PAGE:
By David Worts, Executive Director, JAMA Canada

The tabling of the final text of the bilateral free trade agreement with South Korea earlier this
month has brought Canada another step closer to its first trade agreement in Asia. While this
will open up economic and trade opportunities, Canada has a unique opportunity to further
strengthen its economy by finalizing a comprehensive trade agreement with Japan.

Canada-Japan bilateral trade exceeds $20 billion, allowing Canada to enjoy a trade surplus of
about $1.4 billion. That two-way trade figure has remained fairly constant for the past six
years, but a joint study by the Canadian and Japanese governments concluded that an Economic Partnership Agreement (EPA) between the two countries would move it to a much higher level.

Specifically, the joint study noted that a Canada-Japan EPA could result in gains to Canada’s
gross domestic product of between $4.1 billion and $9.8 billion, while Japan could see GDP gains of between $4.8 billion and $5.3 billion.

With figures like that, it’s no surprise that a recent survey by the Asia Pacific Foundation of
Canada shows considerable support in Canada for a free trade agreement with Japan. According to the survey, 55 per cent of Canadians are in favour of a trade deal with Japan. Only trade deals with Australia and the European Union had higher levels of support.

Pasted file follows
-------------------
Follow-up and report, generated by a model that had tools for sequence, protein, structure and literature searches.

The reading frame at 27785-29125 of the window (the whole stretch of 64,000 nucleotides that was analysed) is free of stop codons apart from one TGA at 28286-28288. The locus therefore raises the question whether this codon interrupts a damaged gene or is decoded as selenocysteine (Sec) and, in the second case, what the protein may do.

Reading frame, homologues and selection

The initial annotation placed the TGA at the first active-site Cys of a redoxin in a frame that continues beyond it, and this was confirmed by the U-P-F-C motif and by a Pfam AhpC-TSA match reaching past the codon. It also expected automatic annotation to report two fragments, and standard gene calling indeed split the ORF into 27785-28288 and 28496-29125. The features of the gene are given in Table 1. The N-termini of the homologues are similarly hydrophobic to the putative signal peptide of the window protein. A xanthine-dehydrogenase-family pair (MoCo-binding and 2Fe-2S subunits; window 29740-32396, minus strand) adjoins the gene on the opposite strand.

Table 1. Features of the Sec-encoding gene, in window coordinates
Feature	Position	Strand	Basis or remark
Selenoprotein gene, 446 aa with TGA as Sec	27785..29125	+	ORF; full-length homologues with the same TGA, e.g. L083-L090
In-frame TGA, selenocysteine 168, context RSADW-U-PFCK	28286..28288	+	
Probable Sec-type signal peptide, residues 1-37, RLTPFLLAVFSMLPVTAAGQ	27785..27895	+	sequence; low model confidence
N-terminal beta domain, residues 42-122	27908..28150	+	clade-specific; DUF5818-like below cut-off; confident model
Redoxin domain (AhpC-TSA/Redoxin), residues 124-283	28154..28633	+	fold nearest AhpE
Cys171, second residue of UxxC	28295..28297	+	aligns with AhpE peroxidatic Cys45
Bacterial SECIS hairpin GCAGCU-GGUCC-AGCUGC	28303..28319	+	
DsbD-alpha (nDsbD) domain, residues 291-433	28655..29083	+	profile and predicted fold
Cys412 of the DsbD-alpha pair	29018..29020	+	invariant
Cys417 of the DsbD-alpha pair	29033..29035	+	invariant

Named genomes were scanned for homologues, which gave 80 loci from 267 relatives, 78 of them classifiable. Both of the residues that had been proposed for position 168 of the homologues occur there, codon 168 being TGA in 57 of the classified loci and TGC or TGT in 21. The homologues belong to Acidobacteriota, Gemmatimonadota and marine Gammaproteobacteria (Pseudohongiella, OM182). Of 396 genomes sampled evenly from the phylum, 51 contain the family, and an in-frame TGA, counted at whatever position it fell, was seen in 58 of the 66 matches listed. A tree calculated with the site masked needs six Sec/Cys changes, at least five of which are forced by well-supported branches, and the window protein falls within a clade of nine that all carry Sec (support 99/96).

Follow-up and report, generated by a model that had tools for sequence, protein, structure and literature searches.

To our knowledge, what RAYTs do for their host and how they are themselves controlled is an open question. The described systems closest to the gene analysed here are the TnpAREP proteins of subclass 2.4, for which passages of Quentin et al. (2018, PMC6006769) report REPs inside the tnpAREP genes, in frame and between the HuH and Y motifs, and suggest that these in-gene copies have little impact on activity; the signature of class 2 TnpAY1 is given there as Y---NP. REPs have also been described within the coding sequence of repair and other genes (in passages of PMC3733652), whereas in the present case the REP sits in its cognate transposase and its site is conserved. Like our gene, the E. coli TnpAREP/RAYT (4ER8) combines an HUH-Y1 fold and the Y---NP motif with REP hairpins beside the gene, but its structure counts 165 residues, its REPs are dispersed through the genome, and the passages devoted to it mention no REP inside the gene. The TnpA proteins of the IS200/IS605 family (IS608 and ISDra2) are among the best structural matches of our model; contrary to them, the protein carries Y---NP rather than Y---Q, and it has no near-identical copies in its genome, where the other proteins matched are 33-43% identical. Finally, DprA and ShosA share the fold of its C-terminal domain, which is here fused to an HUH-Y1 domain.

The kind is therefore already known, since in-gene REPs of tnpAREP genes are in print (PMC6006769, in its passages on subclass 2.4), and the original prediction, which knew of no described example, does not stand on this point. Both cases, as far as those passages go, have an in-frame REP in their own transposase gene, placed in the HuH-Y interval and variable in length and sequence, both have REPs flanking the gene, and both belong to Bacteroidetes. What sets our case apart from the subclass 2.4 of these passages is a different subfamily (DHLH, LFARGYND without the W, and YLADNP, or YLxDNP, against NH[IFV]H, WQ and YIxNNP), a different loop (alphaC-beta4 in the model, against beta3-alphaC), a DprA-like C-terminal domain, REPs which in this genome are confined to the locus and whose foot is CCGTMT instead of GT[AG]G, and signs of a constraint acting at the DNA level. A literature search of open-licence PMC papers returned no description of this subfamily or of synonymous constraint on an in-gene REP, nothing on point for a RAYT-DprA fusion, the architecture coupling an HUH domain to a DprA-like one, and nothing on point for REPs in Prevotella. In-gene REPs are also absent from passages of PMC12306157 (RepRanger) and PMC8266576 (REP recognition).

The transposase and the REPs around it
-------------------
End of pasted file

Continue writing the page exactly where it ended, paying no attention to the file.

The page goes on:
Like the Canadians who participated in the survey, Japanese automakers in Canada are also strong supporters of a Canada-Japan EPA to further trade liberalization in the Asia Pacific region. Although two-thirds of the vehicles Japanese automakers sell in Canada are built in North America — a result of previous liberalized trade deals such as the Canada-U.S. Free Trade Agreement and NAFTA — one-third continue to be imported from Japan to meet Canadians’ wide range of transportation needs. Removing the import tariff on those vehicles will be critical to maintaining equitable treatment of an industry that has invested over $9 billion in Canada to
date and which employs 70,000 Canadians.

The Canadian government has rightly made trade liberalization a cornerstone of its strategy to
boost Canada’s economic prosperity. Free trade agreements and EPAs are an important means to bring positive results in the short to medium term while furthering the broader long-term goal of trade liberalization.

With multilateral trade talks bogged down, Canada — like many countries — is looking to bilateral and regional preferential trade negotiations to get things moving. A Canada-Japan free trade agreement must be the next priority.

Canadians recognize how important Japan is to Canada’s economic prosperity. They know that
concluding trade negotiations quickly is vital to maintaining competitiveness in the Canadian
market and strengthening the Canadian economy.

Negotiations on a Canada-Japan EPA have been underway since 2012 and are set to resume this summer with a sixth round of talks (from July 28 – July 31). With the recent developments in the Canada-South Korea trade agreement and the significant progress Canada and the EU have made in their Comprehensive Economic and Trade Agreement, it’s time Canada completed its agreement with Japan so citizens and businesses in both countries can start enjoying the substantial economic benefits such a deal will bring.

This article was originally published on July 4, 2014 at